case of computers. It assumes that the best individual survives no
matter whether it is from the parent population or a child. Further,
the best n percent of descendants survive. Should it be the case that
the fittest individual of the new generation is worse than the
unfittest individual of the parents generation, therefore the worst
individual of the new generation will be replaced by the best
individual of the parent generation.
The idea of the position-based mutation is to swap two genes in the
string by random.
predecessor: A B C D E F swap A and F
successor: F B C D E A
The position-based mutation can be written in pseudo-code as:
pos1 is rand()
pos2 is rand()
(...,xpos2,.....,xpos1,....) is (...,xpos1,....,xpos2,....)
The idea of the order-based mutation is to push one randomly selected
gene in front of another randomly selected gen.
predecessor: A B C D E F push F in front of A
successor: F A B C D E
The order-based mutation can be written in pseudo-code like this:
pos1 is rand()
pos2 is rand()
(...,xpos1,.....,xpos2,...) is (...,xpos2,xpos1,...)
The idea of the crossover is that several characteristics of a number
of elements are combined into a new string. This can be described for
biological systems with the cutting of parent strings into several
pieces and rearranging them into a new string by making a selection
over the pieces.
This model can not be easily transformed for scheduling-problems as a
gene in a schedule has to describe a specific job. Just cutting the
parent strings and rearranging them could cause a duplication of
The idea of the position-based crossover is to shift the gene to the
position corresponding to that of the other parent.
A B C D E F G A G C D E F B shift B in front of G
G F E D C B A G A E D C B F shift F in front of A
The idea behind the order-based crossover is to swap the genes in the
order found at the other parent.
A B C D E F G A G C D E F B swap B with G
G F E D C B A G A E D C B F swap F with A
The interface of the genalg-object is implemented within the genalg.h-file.
The following public methods are accessible:
The following constants are defined within the genalg.h-File.
- to define the crossover strategy the genetic algorithm
will use. The default value is the "position-based crossover".
- to define the mutation strategy the genetic algorithm
will use. The default value is the "position-based mutation".
- to define the survival-strategy the genetic algorithm
will use. The default value is the "best n percent survive strategy".
- to define how many individuals will survive. The
meaning of the value is connected with the survival-strategy.
- to define how many adults are allowed at one time.
- to define how many children are allowed at one time.
- to define the maximum number of mutations that will be applied to the init-strings.
- to define whether the repair-steps given by DOMFLIP will be applied or not.
- to copy a schedule into the genetic algorithm directly e(pointer-reference).
- to copy a schedule into the genetic algorithm (a new instance within the genetic algorithm will be created).
- to initialize the genetic algorithm. Always call this routine before one of the following routines.
- evaluates one genetic-step.
- evaluates the given number of genetic-steps.
- evaluates a maximum number of genetic-steps (zero means infinity) and at the specified fitness.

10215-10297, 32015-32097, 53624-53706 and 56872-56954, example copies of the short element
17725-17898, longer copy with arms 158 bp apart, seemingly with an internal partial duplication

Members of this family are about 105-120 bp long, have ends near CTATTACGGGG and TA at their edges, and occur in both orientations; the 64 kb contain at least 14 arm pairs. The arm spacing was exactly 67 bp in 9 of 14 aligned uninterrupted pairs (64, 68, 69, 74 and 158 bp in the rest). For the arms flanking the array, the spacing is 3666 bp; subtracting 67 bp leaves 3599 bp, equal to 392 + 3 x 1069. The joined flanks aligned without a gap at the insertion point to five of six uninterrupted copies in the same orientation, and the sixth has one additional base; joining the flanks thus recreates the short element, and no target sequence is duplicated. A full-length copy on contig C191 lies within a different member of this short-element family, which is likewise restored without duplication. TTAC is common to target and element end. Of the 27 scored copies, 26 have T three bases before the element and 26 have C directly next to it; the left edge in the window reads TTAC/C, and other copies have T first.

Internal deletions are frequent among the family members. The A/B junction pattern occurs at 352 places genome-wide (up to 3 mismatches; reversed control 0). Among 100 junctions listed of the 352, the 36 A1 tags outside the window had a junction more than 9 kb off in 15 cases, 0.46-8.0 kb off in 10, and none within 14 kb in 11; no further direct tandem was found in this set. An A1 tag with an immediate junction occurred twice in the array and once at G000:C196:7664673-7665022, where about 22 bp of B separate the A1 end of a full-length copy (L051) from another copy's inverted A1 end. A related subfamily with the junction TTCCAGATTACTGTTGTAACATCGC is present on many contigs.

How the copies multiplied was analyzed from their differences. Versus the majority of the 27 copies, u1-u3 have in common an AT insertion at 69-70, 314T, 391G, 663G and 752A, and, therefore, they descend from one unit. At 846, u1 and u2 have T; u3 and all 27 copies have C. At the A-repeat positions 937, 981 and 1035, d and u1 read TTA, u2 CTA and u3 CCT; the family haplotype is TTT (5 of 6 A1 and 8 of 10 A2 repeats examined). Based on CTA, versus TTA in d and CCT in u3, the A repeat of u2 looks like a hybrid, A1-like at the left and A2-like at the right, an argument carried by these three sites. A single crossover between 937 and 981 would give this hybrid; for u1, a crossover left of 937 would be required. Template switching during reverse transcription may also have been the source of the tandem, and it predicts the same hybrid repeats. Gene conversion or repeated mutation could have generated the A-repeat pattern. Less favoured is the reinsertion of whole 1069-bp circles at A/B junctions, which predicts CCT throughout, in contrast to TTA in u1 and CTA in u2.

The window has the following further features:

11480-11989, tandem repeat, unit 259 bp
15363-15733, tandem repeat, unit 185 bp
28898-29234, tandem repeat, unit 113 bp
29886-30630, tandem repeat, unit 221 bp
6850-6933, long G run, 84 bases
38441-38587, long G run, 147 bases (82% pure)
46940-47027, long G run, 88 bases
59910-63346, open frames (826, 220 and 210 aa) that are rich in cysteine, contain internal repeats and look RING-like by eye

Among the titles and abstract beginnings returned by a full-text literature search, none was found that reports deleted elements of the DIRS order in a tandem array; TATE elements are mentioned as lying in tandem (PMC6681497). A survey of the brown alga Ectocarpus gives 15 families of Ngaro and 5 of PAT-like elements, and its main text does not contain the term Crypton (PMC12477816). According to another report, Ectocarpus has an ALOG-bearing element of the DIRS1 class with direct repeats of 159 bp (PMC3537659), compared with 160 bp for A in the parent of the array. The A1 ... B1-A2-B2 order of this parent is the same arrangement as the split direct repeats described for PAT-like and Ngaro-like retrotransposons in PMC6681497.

- returns the schedule with the highest fitness directly (pointer reference).
- returns the schedule with the highest fitness by creating a new instance.
The implementation of the genetic algorithm uses two double linked
lists. One (called actual_generation) holds the parent-schedules and
the schedules that survived a genetic algorithm step. The other
(called children) holds the descendants of the parent-schedules after
crossover and mutation.
- Kinds of mutations:
- Kinds of crossover:
- Kinds of survival strategies:
An entry will be inserted in both listed sorted by the fitness to
allow an easy implementation of the survival strategies.
To select a strategy ,all the known strategies to the GA are listed in an
"Listbox". You can only select one Strategy at one time.
One part of the strategy is to determine the maximum number of
individuals and children for one step of the GA. Be careful in setting
these values, as you can produce an infinite amount of individuals
which will lead the program to stop when no more memory is available.
To select the crossover all crossover-methods supported by the GA are
listed in an "Listbox". You can only select one crossover-method at
To select the mutations that will by applied to our children all
supported crossover-methods are listed in a "Listbox". Here you are
allowed to make a multiple-selection.
To define that the repair-steps will be applied to a new element, a
toggle-button is provided to switch this feature on and off.
- Wolfgang Slany, "Fuzzy Scheduling"; CD-Technical Report 94/66
- Mario Girsch, "Optimierung von Schedules mit Genetischen Algorithmen und Iterativer Vertiefung"
- John Holland, "Adaptation in Natural and Artificial Systems"; (Holland 1975)
- Lawrence Davis and Martha Steenstrup, "Genetic Algorithms and Simulated Annealing"
- David E. Glover, "Solving a Comples Keyboard Configuration Problem Through Generalized Adaptive Search"
- Grefenstette, "Incorporating Problems Specific Knowledge into Genetic Algorithms"
(c)1996 Andreas Raggl, Mazen Younes, Markus Bonner, Wolfgang Slany
Last modified: Tue Jun 24 15:42:43 MET-DST 1997
by StarFLIP Team